Nine years and five hundred some posts later, Jack at Random is simply a place where I can document my family record through writing, photography and statistics. It’s my creative, writing and collecting outlet, a space where all of my hobbies can come together under one roof. It’s a place where I can reflect and remember what we were up to in any given month. It gives way to all of the content that goes into the books Kari prints every two years, the physical documentation of our lives. It has survived many unproductive tangents, like when I wrote highly uncritical film reviews or when I broadcast the messy personal details of my faith deconstruction or when I briefly delved into politics in the summer of 2008. It has plowed through several years of a readership that consisted solely of my wife and mother. It has documented many of the books I’ve read and the films I’ve watched over the past decade. It has been with me through nearly every month of my life since I graduated from University, including living in Sydney and moving to Los Angeles and the two hundred and sixteen days in 2007 when Kari and I when gallivanting around the world. It was here through my vocational ups and downs, from preacher to eBay to woodworker.
It was here waiting for me with a blinking cursor when my first daughter Stella was born. And when my second daughter Margot died. And when my son Leo was born a year later.
In thirty-three years of living, there have been many things that I have quit or fell out of love with. I am not, by any stretch of the imagination, an ambassador for staying the course. But I can say with some measure of certainty the things that have been most consistent throughout my life: my love for the game of Baseball. My penchant for collecting. A ridiculously happy marriage. Not eating cheese. And this blog.
So I suppose, to answer the question of the piece, I blog because I’ve always been blogging, on scraps of paper and bulletin boards, in leather bound journals and in countless collections that currently live in small tin canisters and boxes and behind glass frames.
The answer to why I blog is fairly straightforward once put into context. The harder question to answer is why I have spent a lifetime meticulously documenting my journey through collecting objects and experiences and data. I have asked myself over the past several years why I do these things. What prompted me to fill all of those journals with pictures and doodles and notes on my normal life? Why on earth would I collect meaningless things like candy wrappers and box scores? Why do I feel the need to keep track of the countries I’ve traveled in by collecting patches? Is it simply a personality trait, a complicated strain of my DNA? Or does it fill a deeper need to remember where I’ve been? Or a need to feel like I’ve done something with myself, however trite some of these collecting endeavors may have been?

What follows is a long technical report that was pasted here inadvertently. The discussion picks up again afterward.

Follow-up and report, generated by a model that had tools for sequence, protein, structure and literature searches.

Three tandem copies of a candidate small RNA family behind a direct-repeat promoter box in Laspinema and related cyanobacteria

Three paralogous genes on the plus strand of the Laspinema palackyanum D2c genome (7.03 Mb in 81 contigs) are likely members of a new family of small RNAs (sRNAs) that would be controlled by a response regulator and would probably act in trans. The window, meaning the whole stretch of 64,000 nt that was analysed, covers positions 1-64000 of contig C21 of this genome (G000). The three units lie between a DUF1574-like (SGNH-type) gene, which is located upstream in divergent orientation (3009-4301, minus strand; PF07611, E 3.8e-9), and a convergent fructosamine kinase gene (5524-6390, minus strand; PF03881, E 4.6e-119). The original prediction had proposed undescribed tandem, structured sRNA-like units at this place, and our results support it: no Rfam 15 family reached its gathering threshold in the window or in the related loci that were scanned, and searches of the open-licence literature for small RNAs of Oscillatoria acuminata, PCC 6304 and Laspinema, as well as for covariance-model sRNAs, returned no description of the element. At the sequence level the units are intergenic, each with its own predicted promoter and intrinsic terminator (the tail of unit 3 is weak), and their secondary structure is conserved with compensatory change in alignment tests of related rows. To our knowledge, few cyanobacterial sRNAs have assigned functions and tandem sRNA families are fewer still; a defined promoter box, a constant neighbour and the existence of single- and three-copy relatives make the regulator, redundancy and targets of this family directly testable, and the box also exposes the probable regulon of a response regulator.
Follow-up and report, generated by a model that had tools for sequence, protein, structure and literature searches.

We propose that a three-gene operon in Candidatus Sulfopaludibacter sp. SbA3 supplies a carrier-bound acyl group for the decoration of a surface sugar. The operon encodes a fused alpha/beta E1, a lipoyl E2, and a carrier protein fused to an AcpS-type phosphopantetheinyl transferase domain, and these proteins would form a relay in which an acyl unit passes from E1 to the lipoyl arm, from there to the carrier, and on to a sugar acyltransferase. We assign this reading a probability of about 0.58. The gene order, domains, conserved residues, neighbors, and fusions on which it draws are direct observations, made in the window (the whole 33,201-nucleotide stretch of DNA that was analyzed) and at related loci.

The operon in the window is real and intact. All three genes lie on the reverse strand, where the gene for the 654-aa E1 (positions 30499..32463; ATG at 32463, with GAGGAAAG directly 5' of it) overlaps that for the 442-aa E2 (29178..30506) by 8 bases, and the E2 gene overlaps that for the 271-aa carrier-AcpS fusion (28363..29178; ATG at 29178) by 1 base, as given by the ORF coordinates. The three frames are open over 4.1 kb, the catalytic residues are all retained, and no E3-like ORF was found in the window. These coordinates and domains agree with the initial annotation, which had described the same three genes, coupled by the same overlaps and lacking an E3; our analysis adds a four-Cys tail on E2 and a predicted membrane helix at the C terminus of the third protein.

The answer, I’m afraid, after years of contemplation and interesting discussions with my wife, is that I don’t know.
I simply don’t know.
What I do know is that my three and a half year old daughter likes to collect things. Objects she has deemed worthy of keeping and protecting at all costs. A series of rotating boxes contain her “special treasures” which includes, among other things, three marbles, a screw, one dice, one wooden scrabble letter, small rocks from our trips to the beach, a painted quarter and what appears to be a small metal hook she found in the yard one day. This small collection was started all on her own, over a year ago, and is revered and treasured almost as much as her stuffed animal sleeping partner, George.
Her more recent collecting journey has led to those pennies you retrieve from an apparatus after cranking a wheel, which flattens the penny and stamps something kitschy onto it. She has a penny from the LA zoo, one from Northern California and one from Budapest that was worth more to her than anything else I could have brought back (expect for, perhaps, a twirly pink dress with different shades of pink rainbows on the sleeves and princesses on the front who were dressed in pink).
After her sister died, we started collecting rocks from the river that we poured M’s ashes into. We pick one special rock per visit and add it to a glass jar that sits in Margot’s corner of the living room. We rarely go anywhere special these days without her wanting to collect a rock for Margot’s jar, an act so common that it’s more and more beautiful and less and less heartbreaking.
I don’t know why I have spent most of my days documenting my life, or why my daughter seems to have picked up the same habit, but as I peer into our future of collecting rocks and pennies and taking pictures and perhaps even posting blogs together, I find the best companion a Father could ask for, the ultimate pay off for all these years of collecting.